PERSISTENCE: Once you have locked in your determination to do this thing there is no turning back, the best way to approach rehab is like a young child trying to learn to walk. Standing and falling multiple times is required and should be expected. Unfortunately this is not something we recall easily as it was just expect of us to learn to walk and then keep up. The consistency with which you show up and do the work everyday: stretches, physio, massage, rehab, stitches, referred pain, foam rolling. The Persistence that is learnt from overcoming injury is a great asset that can be applied to lesser challenges that may come there after.

GRATITUDE: My body works again!!! That feeling of physical freedom when you can finally run around with your kids, bend and touch your toes without fear, lift a box easily and ultimately get back to Jiu-jitsu and roll with your friends. Nothing can remind us better, the preciousness that is our physical health and function than having it taken from us. When you experience serious illness or injury all you want is to have your normal healthy function back. It shouldn’t have to take a catastrophic event for us to take this Grateful perspective but a lesson learned the hard way is retained.We need to protect the “asset”. Injury prevention only takes a small investment of time and energy, doing strength and mobility work on a regular basis to avoid a major derailment or subsequently decrease it’s severity.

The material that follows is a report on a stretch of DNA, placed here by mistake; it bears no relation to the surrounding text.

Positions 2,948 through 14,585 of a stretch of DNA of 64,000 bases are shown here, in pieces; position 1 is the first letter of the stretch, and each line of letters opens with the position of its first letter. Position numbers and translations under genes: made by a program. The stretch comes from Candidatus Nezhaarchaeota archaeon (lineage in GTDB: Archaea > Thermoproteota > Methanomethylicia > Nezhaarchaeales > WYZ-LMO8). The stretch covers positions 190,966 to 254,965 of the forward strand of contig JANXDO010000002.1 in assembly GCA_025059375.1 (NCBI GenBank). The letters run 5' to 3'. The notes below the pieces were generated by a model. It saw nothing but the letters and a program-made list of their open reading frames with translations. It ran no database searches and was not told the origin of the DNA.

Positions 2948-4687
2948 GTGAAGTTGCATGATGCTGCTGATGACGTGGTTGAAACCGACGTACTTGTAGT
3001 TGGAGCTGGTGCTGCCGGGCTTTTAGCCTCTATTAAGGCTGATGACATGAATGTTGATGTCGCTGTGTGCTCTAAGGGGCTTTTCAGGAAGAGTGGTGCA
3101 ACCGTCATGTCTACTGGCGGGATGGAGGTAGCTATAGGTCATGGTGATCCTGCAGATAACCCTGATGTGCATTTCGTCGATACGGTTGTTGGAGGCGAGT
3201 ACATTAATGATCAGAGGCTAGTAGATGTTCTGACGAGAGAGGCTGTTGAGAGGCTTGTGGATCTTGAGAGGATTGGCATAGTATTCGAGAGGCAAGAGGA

If you are injured and you are reading this take heart we have all been there and you are not alone. There is a lot to be gained from the experience of injury and the process of rehab. You will return to the mats soon enough- a better, stronger person. Seek help, advice and support- Bulletproof for BJJ is here when you are ready to take the next step after rehab, we got you.

                                                     www.Bulletproofforbjj.com